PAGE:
Friday, April 14, 2006


This archway stands today at the entrance to a modern housing development which stands on the site of what were once known as the rookeries, Flower & Dean Street and Thrawl Street, some of the worst slum districts in the whole of London.

The arch is on Wentworth Street, directly opposite the entrance to George Yard, and as can be seen by the keystone, it was erected in 1886, two years before the Ripper murders began. It would have been one of the very last sights Martha Tabram saw before she turned and entered George Yard Buildings.

In the last 117 years, the matter of whether or not Martha was a victim of Jack the Ripper has been debated endlessly. She is not included on the list of five "canonical" victims, but many have argued very persuasively for her inclusion.

Her murder did not follow exactly the pattern of those to follow, but nonetheless was not a straightforward killing, thirty-nine stab wounds shows unusual savagery. Three weeks later the Ripper murders would begin in earnest, and the idea that there could have been two men in the district capable of such an act would be quite extraordinary. Personally I have always felt that Martha was a victim of Jack, and maybe not even his first.

Friday, April 07, 2006

Brick Lane

PC Barrett rushed to the scene, and sent immediately for a doctor, Dr Timothy Killeen of 68 Brick Lane. Much of Brick Lane today has been rebuilt, and this building is no longer standing, but this photo shows some of the buildings which would have been around at the time.

Killeen was a young man, almost fresh out of medical school, and most likely had never experienced anything of this nature before. He pronounced Martha dead and estimated the time of death at around 2.30, which from the other evidence seems likely to be correct. He found 39 stab wounds in her body, ranging from her neck down to her genitals and legs. All but one of these he said were quite shallow and could have been made with a penknife, but one wound in the chest was deep and had been inflicted with a strong, long bladed instrument which he thought could have been a dagger or a bayonet.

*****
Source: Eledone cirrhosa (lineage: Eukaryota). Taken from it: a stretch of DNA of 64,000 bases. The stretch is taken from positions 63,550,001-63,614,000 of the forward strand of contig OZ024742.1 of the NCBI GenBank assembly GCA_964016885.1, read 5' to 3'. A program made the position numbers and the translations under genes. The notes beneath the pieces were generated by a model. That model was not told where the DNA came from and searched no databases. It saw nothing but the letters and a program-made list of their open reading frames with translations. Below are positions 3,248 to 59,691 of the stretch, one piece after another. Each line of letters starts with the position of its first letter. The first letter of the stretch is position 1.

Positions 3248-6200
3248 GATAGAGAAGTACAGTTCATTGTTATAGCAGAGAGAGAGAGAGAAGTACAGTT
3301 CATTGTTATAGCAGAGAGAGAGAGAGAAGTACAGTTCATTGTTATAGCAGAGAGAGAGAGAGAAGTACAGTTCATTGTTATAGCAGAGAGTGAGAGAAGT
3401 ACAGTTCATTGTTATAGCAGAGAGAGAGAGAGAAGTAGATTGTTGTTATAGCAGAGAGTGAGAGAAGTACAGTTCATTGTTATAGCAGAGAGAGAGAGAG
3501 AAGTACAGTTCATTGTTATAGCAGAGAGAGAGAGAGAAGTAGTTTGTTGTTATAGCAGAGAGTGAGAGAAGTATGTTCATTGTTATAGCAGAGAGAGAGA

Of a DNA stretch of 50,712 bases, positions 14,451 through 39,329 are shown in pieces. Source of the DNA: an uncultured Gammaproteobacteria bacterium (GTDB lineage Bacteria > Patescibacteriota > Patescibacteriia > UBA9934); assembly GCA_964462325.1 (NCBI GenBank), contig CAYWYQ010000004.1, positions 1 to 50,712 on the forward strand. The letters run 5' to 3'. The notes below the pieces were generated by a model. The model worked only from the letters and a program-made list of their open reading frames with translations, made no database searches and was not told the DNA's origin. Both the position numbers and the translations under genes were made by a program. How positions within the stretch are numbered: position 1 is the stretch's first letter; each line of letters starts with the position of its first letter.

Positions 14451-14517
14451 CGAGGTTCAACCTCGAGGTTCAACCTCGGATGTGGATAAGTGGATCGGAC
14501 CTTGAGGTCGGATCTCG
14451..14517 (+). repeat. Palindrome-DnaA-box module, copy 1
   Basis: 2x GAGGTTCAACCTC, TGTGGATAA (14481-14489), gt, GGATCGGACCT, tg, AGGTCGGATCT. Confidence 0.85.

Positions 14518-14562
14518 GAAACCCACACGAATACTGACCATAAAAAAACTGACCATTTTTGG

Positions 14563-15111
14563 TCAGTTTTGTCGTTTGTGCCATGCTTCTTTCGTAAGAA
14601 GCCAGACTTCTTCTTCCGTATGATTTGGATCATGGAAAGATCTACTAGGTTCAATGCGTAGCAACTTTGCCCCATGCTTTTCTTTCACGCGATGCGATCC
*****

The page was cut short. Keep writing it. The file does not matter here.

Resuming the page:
Inspector Edmund Reid, the head of the local CID for H Division (Whitechapel), took charge of the case. Reid was a fascinating character. Not only was he a highly experienced career detective, he was also variously an actor, a singer and an adventurer who has gone down in the history books for making England's first ever parachute descent from a balloon in a thousand feet in 1876, and breaking the balloon altitude record in 1883. He was also immortalised in print in a series of novels by Charles Gibbon under the name Detective Dier.

But there was very little he could do to elucidate this particular case. There were simply no clues as to who the perpetrators could be. PC Barrett and Pearly Poll were taken round various barrack houses to see if they could identify the respective soldiers they had seen, but Barrett was unable, and Poll turned out to be a most unreliable witness. The case fizzled out, and the general feeling was that it had probably been a punishment killing meted out by one of the gangs who made a living through extortion.